Chapter 3: Naturalization levels and processes: consequences for social policy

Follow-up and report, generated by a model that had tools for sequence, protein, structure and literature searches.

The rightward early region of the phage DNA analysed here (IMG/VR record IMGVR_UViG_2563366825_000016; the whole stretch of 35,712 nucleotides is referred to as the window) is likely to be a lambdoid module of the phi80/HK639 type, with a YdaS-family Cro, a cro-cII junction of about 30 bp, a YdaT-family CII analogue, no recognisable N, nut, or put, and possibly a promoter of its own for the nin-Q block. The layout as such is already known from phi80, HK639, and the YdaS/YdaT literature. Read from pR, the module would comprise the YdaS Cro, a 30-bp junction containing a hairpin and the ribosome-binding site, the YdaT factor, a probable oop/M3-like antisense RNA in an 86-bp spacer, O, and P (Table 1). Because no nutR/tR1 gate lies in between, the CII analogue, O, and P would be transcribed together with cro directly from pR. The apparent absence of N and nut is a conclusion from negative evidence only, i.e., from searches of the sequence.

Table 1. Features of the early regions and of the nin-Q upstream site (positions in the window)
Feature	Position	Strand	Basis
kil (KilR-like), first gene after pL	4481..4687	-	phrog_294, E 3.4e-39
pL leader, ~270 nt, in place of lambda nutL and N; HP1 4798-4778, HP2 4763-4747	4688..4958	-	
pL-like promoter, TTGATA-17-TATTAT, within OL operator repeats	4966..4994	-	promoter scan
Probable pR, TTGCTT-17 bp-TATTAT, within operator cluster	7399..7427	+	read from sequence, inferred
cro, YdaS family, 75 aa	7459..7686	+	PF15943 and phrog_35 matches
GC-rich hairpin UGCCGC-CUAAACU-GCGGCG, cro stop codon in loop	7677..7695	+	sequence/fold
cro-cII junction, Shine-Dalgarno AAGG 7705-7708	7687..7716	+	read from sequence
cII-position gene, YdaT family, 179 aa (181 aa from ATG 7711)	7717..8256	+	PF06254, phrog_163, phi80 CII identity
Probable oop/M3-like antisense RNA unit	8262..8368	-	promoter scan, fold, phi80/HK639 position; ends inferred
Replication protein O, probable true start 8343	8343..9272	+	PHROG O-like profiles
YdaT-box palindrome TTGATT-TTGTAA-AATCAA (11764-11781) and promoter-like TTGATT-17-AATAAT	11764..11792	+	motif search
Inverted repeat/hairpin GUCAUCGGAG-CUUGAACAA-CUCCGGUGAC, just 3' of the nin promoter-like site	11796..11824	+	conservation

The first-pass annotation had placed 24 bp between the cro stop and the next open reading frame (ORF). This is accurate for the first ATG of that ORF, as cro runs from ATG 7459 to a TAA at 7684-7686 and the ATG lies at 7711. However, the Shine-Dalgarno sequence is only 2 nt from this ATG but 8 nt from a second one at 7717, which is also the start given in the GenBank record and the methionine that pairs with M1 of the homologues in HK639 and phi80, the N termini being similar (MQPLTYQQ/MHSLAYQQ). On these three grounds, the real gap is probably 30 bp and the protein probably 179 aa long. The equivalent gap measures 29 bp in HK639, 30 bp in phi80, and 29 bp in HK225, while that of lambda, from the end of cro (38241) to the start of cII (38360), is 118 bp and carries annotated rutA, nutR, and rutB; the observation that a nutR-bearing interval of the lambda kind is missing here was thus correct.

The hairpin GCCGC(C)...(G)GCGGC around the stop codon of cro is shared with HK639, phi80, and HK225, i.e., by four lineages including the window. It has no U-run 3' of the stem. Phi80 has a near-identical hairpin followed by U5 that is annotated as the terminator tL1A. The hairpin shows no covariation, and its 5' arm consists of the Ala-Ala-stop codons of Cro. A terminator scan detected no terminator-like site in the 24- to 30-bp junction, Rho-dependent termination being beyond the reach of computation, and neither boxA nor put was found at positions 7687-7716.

The study of naturalization – immigrants becoming citizens of their new country – has gone through significant change in the past 30 years. The first major change moved from focusing almost exclusively on the USA and other settler countries to a broader array of receiving countries in Europe and Asia. Most early studies were dominated by assimilation in the American experience. This focus has given way to the social-process analysis of naturalization in advanced industrialized countries, the naturalization of different sending-country immigrants in the same receiving country, and the movement from overall assimilation to segmented assimilation and in some cases multiculturalism and transnationalism. The second major change was toward the larger political and cultural facets of immigration laws in individual sending countries, followed by an emerging literature on the comparison of naturalization regimes. Along with these two changes are some knotty questions about how to theorize and measure naturalization. The social-process and political-economy approaches have different scope and foci. The social examination of immigrants’ willingness to become citizens and their eventual integration into society have important impacts on immigrants’/citizens’ social mobility, self-esteem, political rights and participation, and, more generally, their overall life-chances. This has an especially strong effect on the first generation of immigrants, but also on the second and third generations, who may do better over time.
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